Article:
Step 73: Resist the Temptation of the Singleton Pattern~ Sam Saariste
What is Singleton Pattern?
This design pattern describes restricting the instantiation of a class to one “Single” instance.
Why use Singleton Pattern?
Singleton Pattern is useful when exactly one object is needed to be used as a global instance to coordinate across the system.
Why Singleton is anti-pattern?
- The singleton classes break object-oriented design principles. We cannot inherit from a singleton class. We don’t have control over creation and we cannot do dependency injection
- The singleton classes do not allow for test-driven development. Since, we don’t have control over creation, it makes it harder to test. Without dependency injection we cannot use mock objects in our tests.
Why resist the temptation of the Singleton Pattern?
Experience shows that most singletons really do more harm than good. It makes life of developer easier on the short term, but hinders testability and harms maintainability.
- The Singleton don’t change easily as requirements change.
- Singletons cause implicit dependencies between conceptually independent units of code preventing mock implementation.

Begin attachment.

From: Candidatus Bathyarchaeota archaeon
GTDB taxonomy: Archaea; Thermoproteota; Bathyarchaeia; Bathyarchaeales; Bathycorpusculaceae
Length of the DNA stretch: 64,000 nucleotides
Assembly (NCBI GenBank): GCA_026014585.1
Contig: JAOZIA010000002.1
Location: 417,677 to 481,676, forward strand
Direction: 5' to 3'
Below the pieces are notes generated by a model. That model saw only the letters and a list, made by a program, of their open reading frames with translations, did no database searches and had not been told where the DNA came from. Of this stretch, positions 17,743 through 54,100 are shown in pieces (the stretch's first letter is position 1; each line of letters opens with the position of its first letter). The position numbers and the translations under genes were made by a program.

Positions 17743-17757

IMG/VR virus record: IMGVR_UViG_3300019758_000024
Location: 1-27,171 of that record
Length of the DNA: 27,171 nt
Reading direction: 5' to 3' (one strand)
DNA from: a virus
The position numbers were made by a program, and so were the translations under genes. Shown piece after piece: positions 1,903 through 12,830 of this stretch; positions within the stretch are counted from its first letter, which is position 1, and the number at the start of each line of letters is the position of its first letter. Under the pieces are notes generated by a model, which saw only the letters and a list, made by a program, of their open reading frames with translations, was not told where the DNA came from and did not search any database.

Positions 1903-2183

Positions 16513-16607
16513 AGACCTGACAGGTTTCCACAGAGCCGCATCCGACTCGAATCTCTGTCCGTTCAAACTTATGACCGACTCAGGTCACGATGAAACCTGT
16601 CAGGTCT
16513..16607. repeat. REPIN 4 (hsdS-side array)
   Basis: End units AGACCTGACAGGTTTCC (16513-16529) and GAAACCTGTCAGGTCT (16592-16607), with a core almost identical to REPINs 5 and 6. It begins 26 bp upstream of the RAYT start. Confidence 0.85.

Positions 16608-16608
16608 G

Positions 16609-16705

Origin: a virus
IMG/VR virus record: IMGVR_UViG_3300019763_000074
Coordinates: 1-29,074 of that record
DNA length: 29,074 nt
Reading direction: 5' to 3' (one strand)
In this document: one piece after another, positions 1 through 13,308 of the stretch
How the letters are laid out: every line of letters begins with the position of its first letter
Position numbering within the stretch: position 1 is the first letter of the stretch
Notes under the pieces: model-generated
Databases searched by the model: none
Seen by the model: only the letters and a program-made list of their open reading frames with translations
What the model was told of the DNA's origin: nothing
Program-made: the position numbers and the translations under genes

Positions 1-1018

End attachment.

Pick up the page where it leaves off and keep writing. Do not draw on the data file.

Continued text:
- Singleton with mutable state introduces tests being dependent on another.
- With multi-threading singleton pattern; would have to be implemented as double-checked locking pattern (DCLP). Even DCLP isn’t thread-safe in many languages.
TL;DR Restrict the use of Singleton pattern to the classes that truly must never be instantiated more than once. Don’t use singleton’s global access point from arbitrary code instead use an interface to provide it.
97 Journey Every Programmer should Accomplish
“A journey of a thousand miles begins with a single step.”
Go to 72nd Step
Step 72: Reinvent the Wheel Often~ Jason P Sage
This is the 72nd Step towards gaining the Programming Enlightenment series. If you didn’t learn the 71st Step, read it.
Go to the 74th step.
Step 74: The Road to Performance Is Littered with Dirty Code Bombs ~ Kirk Pepperdine
This is the 74th Step towards gaining the Programming Enlightenment series. If you didn’t learn the 73rd Step, read it.